Sunday, November 30, 2008

Economic Hitman 2.0

By Martin Arnold in London and Katya Gorchinskaya in Kiev
Published: November 29 2008 02:00 | Last updated: November 29 2008 02:00
FT Weekend

Blackstone has been appointed as a financial adviser to Ukraine, highlighting the US private equity group's ambition to become the consultant of choice for countries faced with financial crisis.

Ukraine's balance of payments is deteriorating amid falling prices for steel, its major export, and rising prices for gas imports from Russia. In October, its economy contracted 2.1 per cent, according to Commerzbank.

Ukraine's government hired Blackstone as an adviser last week alongside Credit Suisse, joining the list of countries that have called on the New York private equity group, which has advised Iceland.

"Blackstone have followed the food chain from hedge funds to banks to banking systems and now to entire countries," said a person familiar with the private equity group, which advised Northern Rock on its UK state bail-out.

According to a Ukraine cabinet document seen by the Financial Times, Blackstone will be paid a monthly fee of €1m ($1.26m) and a further €3.5m on completion of the contract. It will be paid all expenses, including bodyguards for staff.

The contract, dated November 17, says Blackstone will co-ordinate Ukraine's $16.4bn standby loan from the International Monetary Fund, mediate between the government, the IMF and the World Bank and work on the country's stabilisation plan.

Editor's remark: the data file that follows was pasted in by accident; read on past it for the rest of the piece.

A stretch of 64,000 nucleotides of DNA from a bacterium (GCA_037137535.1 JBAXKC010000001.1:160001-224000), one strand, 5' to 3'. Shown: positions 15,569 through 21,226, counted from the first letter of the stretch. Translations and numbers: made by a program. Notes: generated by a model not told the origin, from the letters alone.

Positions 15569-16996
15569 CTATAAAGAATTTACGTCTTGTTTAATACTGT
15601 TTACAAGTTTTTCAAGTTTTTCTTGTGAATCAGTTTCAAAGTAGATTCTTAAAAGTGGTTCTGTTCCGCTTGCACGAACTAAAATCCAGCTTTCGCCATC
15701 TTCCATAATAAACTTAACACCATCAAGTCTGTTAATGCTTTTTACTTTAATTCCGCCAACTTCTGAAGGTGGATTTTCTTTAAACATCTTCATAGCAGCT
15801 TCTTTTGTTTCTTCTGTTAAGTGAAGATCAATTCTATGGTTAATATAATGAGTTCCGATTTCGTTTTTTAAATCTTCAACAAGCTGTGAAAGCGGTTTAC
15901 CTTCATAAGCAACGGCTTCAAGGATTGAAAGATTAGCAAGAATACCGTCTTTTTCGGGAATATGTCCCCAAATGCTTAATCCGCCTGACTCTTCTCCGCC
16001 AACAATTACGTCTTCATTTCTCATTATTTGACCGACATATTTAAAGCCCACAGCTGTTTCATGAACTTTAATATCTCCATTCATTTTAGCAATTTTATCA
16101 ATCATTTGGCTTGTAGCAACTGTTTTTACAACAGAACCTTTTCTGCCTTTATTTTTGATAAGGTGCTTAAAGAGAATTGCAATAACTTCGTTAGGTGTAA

It is also responsible for handling talks with Ukraine's creditors and developing a communication strategy for the stabilisation plan. The contract says Blackstone is not responsible for implementing the stabilisation plan or for its success.

Blackstone's team of advisers to Ukraine's government is being led by Martin Gudgeon, the London head of the private equity group's fast-growing restructuring advisory business in Europe.

Blackstone is thought to be advising on the structure of Ukraine's debt and how to optimise it, possibly through early repayment.

Volodymyr Lytvyn, deputy finance minister, said: "This is a good time to revise our debt and take the opportunity to start paying it early at a reduced rate."

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